Smart Solutions Series Recap: Go Lean to Solve Your Labor Shortage



lean-concept2.jpgWhen I ask manufacturers about their biggest challenges, nearly all mention the lack of available skilled workers. With so many companies looking to hire, this added competition only further compounds the challenge.

In our most recent Smart Solutions Series webinar, we explored how Lean manufacturing principles can be applied to an organization to maximize productivity – effectively filling these critical gaps in production using existing resources and talent. A brief summary of our virtual discussion is outlined below. To view the webinar recording, click here.

While most manufacturers are familiar with the concept of Lean manufacturing, not all have implemented the tools and principles into their practices. The main objective of Lean is to improve efficiency while eliminating waste. It’s important to note that Lean thinking does not consider only scrap and rework as waste. Lean believes there are eight different kinds of waste, which are Defects, Overproduction, Waiting, Non-Utilized Talent, Transportation, Inventory, Motion and Extra Processing. Once these types of waste have been minimized and efficiency has been improved, manufacturers can maximize the utilization of their current workforce, accomplishing more work using less resources.

The structure of Lean is often visualized using the House of Lean below. Like everything that you want to last, you must first start with a strong foundation, then build structures on top of that and protect it all with a roof.


Establishing these principles, maintaining them and always striving for continuous improvement will lead to success both within the factory and in the office. The following real-world applications demonstrate how Lean tools can be used to achieve these goals.

  • A seat frame manufacturer serving the automotive industry began a program for basic seat framing. As the customer added more features and volume, the manufacturer kept adding more bodies, only to fall farther and farther behind. They engaged The Center for both a Kaizen event and Value Stream Mapping to identify pain points within their production process. After enacting several small improvements, like minimizing movement waste and balancing the work along the line, the company realized massive improvements. Overtime decreased, cycle time decreased, and two workers were freed up to move to a different area in the plant.
  • Another company that was successful with a Lean manufacturing implementation began by failing to meet on-time deliveries and having their equipment break down regularly. They started examining the problem through a Lean lens by identifying multiple opportunities for improvement in production. After discovering operators from each shift were making products differently, the team implemented standard work instructions which helped reduced manufacturing time for each product by 20%. Movement waste of raw material also was dramatically decreased, helping to streamline production and eliminate the need for overtime. As a result of this saved time, the maintenance team was able to conduct preventative maintenance for multiple hours each day to complete the necessary maintenance for their equipment. This nearly eliminated further equipment disruptions in the operations. With these Lean improvements in place, the company was able to maintain the same amount of output with the same amount of people, using much less time – leading to substantial financial savings.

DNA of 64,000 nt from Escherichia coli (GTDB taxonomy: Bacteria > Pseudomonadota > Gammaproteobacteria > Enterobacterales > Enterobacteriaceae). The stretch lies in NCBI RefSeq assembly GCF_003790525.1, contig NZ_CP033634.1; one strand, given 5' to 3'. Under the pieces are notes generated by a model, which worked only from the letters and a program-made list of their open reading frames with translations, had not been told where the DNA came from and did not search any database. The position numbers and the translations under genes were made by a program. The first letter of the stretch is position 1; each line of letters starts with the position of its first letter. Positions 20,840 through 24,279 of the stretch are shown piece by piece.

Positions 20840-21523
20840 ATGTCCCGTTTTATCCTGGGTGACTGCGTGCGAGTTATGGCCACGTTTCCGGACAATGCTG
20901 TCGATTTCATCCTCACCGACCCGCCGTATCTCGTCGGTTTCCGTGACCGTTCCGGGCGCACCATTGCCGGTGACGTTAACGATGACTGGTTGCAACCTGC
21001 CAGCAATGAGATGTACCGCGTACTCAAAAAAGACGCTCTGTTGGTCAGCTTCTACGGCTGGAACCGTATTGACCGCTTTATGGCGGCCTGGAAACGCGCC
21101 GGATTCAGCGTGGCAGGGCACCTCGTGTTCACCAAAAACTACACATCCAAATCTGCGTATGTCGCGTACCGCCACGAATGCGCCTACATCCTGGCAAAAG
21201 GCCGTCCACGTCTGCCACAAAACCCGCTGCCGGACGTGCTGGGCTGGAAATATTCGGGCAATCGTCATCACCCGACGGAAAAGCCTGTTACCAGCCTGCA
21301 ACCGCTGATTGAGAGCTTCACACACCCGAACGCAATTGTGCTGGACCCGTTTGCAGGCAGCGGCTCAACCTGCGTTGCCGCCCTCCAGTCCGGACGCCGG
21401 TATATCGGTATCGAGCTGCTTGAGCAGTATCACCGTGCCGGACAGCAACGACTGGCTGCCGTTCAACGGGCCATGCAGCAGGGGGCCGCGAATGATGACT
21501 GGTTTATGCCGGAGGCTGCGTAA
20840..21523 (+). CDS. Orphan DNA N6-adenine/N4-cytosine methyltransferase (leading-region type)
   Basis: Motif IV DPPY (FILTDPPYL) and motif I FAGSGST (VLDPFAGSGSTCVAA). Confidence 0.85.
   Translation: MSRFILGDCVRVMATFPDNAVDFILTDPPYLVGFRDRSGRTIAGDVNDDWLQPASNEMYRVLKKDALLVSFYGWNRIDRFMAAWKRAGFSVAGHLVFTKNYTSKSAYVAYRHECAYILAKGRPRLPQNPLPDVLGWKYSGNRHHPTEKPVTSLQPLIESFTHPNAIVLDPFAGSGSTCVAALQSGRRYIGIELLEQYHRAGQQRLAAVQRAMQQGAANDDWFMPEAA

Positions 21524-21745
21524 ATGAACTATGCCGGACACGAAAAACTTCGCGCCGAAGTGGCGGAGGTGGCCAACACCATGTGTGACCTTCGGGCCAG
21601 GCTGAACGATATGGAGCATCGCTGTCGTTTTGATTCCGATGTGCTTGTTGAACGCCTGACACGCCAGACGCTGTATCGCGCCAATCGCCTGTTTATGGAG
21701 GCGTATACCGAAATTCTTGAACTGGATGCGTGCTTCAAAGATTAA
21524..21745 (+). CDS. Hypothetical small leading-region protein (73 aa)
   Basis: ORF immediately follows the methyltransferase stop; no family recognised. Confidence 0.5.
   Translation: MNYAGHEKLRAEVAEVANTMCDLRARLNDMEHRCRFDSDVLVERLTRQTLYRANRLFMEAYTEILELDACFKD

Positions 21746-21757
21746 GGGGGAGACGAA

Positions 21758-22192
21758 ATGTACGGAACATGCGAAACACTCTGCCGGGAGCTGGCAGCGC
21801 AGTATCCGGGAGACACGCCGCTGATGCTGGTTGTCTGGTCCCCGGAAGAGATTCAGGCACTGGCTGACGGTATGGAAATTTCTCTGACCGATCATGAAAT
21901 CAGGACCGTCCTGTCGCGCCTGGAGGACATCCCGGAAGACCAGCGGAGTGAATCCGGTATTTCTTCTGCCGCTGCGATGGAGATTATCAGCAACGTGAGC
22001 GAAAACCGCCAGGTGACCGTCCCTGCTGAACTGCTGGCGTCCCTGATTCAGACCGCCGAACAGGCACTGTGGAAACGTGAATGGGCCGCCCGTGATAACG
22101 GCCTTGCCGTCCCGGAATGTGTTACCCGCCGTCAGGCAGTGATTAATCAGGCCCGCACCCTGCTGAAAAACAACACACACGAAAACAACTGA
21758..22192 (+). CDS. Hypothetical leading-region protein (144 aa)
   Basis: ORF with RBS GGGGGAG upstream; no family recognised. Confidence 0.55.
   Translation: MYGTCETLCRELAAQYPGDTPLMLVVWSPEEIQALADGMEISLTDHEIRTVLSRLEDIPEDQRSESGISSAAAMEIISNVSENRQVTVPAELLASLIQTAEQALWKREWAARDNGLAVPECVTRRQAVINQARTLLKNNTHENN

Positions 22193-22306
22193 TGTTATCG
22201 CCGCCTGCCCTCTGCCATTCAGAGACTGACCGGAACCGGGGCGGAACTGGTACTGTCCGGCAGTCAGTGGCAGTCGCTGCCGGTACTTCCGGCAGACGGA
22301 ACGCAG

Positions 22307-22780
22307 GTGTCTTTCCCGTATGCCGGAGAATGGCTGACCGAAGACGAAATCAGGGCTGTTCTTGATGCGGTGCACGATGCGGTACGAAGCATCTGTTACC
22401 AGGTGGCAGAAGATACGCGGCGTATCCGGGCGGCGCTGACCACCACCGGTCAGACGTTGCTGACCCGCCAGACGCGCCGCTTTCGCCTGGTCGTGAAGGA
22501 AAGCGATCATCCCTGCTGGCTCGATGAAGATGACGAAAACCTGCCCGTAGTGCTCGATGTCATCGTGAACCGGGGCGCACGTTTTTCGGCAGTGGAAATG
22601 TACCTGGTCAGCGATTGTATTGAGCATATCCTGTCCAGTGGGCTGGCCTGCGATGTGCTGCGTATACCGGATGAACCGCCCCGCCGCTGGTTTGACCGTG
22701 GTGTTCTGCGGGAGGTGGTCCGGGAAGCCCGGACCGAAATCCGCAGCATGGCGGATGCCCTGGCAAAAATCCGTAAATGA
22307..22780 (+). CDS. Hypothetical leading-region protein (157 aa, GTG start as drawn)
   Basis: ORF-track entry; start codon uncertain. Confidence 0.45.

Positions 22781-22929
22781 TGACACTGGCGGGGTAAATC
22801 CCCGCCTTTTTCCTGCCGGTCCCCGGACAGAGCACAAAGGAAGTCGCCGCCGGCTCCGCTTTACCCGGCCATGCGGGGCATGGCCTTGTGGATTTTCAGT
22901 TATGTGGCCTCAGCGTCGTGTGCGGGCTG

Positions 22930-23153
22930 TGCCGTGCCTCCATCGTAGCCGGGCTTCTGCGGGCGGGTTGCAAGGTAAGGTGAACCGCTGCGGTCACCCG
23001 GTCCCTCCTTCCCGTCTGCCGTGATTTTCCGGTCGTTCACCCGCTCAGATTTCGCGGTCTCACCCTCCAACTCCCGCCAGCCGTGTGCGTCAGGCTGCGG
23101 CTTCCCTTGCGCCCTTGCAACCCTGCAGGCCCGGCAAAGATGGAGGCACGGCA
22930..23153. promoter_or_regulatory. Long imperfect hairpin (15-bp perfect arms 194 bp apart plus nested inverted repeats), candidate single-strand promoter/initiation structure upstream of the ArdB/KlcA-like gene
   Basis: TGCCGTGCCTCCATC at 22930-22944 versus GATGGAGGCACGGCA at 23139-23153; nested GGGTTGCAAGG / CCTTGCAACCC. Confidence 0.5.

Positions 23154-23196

Just as important as implementing Lean is making sure the improvements are sustained over time. Visual reminders must be placed around the plant floor so workers’ eyes are never taken off the process.

The journey towards improvement is never finished, as there are always more ways to improve and better utilize resources. With the help of Lean tools, manufacturers can successfully tackle some of their most significant problems – including the labor shortage.

If you are unsure of where to start with your Lean journey, The Center offers a free Opportunity Assessment that can look at your operations and give you a better idea of where to begin. Learn more at or contact our Lean experts at

For additional ways to solve your labor shortage, read a recap of our first Smart Solutions Series webinar about culture and stay tuned for our next webinar on March 17 from 9 - 10am where we’ll explore how technology can be applied to fill talent gaps.


Schmidt_P-web.jpgPete Schmidt, Business Solutions Manager
Pete Schmidt is a Business Solutions Manager at The Center. Operating directly out of Macomb County, Pete provides services and support to small manufacturers in the region to enable them to compete, grow and prosper. Prior to joining The Center, Pete spent more than five years at AXXO Sales, LLC, as Business Development Manager. There, Pete represented numerous companies and product offerings, helping customers manage business growth.




Since 1991, the Michigan Manufacturing Technology Center has assisted Michigan’s small and medium-sized businesses to successfully compete and grow. Through personalized services designed to meet the needs of clients, we develop more effective business leaders, drive product and process innovation, promote company-wide operational excellence and foster creative strategies for business growth and greater profitability. Find us at

Categories: Leadership/Culture, Lean Principles, workforce